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Periodical article Periodical article Leiden University catalogue Leiden University catalogue WorldCat catalogue WorldCat
Title:Islamic Historiography of the Nilotic Sudan
Author:McHugh, Neil
Periodical:Northeast African Studies
Geographic term:Sudan
History and Exploration
Religion and Witchcraft
External link:https://www.jstor.org/stable/43660275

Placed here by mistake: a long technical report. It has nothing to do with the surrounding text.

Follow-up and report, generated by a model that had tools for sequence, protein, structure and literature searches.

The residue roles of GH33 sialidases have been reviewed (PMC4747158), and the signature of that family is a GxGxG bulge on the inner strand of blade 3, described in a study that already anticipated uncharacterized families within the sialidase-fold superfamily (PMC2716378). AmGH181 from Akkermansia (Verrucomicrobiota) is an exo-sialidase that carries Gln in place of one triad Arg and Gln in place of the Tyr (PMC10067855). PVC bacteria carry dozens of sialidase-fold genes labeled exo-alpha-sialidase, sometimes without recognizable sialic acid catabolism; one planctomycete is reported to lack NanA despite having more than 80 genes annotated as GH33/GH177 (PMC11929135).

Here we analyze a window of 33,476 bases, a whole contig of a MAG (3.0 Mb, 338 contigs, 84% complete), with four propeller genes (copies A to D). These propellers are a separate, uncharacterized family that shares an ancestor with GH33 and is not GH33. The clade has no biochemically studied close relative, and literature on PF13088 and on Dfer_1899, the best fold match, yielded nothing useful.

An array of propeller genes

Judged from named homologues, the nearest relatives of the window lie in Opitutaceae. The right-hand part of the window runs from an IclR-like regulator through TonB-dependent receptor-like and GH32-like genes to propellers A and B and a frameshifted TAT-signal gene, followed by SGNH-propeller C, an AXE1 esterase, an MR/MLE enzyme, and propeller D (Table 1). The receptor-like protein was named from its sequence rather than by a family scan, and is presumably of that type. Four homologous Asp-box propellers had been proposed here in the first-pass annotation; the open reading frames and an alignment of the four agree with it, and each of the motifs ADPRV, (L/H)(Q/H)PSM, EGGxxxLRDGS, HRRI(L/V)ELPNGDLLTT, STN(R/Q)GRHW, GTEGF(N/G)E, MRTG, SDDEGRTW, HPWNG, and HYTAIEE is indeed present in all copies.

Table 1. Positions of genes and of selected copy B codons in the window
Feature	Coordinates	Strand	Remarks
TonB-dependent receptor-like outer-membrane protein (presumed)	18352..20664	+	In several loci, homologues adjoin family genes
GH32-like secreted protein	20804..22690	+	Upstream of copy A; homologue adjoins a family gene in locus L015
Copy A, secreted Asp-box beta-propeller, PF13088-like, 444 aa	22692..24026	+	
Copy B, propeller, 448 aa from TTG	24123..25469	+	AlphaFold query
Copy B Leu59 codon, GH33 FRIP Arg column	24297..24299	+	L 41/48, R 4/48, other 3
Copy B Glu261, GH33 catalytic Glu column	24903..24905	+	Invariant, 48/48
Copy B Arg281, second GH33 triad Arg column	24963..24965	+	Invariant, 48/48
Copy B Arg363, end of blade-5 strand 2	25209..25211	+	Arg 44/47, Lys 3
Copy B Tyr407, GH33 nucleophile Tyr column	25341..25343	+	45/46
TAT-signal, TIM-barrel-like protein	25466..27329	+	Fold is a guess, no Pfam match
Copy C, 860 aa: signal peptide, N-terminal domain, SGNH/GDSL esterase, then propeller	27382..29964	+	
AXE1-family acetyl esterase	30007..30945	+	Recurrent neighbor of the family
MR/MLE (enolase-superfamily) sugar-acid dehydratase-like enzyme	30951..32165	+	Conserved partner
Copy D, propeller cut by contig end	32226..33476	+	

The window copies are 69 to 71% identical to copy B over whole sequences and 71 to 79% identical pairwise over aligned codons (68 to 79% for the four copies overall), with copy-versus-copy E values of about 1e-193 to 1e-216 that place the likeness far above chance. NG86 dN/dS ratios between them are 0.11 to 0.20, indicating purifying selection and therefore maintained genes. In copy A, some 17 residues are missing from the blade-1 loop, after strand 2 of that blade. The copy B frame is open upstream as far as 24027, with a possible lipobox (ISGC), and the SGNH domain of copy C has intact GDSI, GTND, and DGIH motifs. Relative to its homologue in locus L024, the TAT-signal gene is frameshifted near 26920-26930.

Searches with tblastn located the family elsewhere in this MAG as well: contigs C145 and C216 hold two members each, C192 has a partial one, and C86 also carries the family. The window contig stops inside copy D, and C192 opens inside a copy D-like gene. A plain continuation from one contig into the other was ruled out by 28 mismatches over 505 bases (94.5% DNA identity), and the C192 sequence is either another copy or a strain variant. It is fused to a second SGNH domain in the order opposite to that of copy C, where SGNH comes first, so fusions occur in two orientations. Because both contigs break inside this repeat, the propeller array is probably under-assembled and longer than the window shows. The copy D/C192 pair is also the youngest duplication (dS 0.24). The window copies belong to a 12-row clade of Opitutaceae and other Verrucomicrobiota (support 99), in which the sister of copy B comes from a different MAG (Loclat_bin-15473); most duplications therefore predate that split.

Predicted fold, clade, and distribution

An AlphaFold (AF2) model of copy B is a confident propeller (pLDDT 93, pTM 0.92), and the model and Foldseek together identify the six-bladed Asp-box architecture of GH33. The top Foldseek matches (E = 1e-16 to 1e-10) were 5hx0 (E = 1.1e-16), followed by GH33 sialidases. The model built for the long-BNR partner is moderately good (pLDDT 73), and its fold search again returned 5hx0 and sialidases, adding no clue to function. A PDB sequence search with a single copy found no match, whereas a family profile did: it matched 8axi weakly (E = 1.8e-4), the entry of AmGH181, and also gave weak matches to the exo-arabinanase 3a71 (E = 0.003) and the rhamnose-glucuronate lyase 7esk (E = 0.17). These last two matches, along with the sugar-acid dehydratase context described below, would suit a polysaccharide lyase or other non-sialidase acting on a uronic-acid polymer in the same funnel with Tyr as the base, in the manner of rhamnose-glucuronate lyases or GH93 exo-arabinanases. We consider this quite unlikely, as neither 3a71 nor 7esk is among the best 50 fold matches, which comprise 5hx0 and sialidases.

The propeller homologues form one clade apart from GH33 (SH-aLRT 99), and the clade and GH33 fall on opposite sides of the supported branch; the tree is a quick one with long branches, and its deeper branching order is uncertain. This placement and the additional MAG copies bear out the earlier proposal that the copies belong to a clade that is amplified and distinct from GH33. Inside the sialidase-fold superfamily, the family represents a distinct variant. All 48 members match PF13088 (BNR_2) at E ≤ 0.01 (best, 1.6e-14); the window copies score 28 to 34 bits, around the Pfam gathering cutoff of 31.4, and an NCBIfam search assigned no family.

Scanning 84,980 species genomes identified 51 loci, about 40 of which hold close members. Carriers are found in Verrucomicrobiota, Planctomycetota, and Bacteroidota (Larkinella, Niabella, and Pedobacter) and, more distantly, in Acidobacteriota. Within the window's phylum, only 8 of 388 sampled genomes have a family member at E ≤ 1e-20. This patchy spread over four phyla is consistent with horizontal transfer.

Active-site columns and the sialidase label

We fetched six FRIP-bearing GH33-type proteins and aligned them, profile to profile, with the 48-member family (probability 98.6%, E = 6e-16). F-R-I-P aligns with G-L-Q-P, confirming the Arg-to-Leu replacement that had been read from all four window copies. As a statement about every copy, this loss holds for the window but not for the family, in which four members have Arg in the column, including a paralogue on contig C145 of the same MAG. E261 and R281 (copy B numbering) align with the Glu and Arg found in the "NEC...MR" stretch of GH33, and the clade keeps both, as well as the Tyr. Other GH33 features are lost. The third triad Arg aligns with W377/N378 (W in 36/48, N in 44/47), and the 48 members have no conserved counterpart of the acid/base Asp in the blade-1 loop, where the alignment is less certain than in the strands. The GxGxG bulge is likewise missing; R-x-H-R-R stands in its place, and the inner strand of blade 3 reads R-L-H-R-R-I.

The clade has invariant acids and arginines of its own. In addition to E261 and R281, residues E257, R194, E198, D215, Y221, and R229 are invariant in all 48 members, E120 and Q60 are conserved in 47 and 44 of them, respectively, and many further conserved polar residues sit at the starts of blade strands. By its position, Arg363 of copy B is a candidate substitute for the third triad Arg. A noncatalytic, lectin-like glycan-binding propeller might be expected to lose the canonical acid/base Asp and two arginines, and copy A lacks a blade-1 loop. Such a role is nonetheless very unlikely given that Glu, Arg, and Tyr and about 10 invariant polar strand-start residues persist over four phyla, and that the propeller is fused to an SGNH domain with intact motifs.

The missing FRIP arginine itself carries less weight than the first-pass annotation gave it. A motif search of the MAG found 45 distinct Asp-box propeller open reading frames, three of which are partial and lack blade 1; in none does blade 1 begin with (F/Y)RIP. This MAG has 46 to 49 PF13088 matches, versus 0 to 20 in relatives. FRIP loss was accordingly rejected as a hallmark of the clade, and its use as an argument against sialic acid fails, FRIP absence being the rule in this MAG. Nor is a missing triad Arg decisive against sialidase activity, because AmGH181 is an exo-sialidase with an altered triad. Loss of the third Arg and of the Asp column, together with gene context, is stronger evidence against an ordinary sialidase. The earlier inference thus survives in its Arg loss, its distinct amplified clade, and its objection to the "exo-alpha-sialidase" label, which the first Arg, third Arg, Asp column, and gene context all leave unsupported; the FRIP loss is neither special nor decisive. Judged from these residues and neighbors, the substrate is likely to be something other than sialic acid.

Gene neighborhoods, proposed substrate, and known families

Abstract:The 18th-century Nilotic Sudan witnessed the emergence of a historiographical tradition that has maintained continuity up to the present. It posits the advent and development of Islam and the Arabic language as the pivotal theme of recent Sudanese history, stresses political and religious aspects of historical change, and harmonizes with the current social, economic, and political structure in the Democratic Republic of the Sudan. This article examines two of the initial and paradigmatic examples of this historiography. 'Kit¯ab al-.Tabaq¯at' of Wad .Dayf All¯ah, and the Funj Chronicle are interpreted in terms of their respective author's perspective and intentions and of the use made of the two works by later historians. The '.Tabaq¯at' and probably the first recension of the Funj Chronicle were penned during the half century before the Turco-Egyptian conquest of 1820-1821, an era in which the virtual dissolution of the Funj governmental system occurred. The '.Tabaq¯at' consists of 270 biographical notices prefixed by a brief introduction on the founding of the Funj monarchy and the advent of Muslim teachers who propagated the Shari'a and Sufism. The discussion of the Funj Chronicle begins with the question of its authorship and of the progressive elaboration of its several extant recensions. Its core is a kinglist. Succeeding generations of historians have drawn on the '.Tabaq¯at' and the Chronicle for material relating to the emergence of modern northern Sudanese society during the Funj and Turkiyya periods. Ref.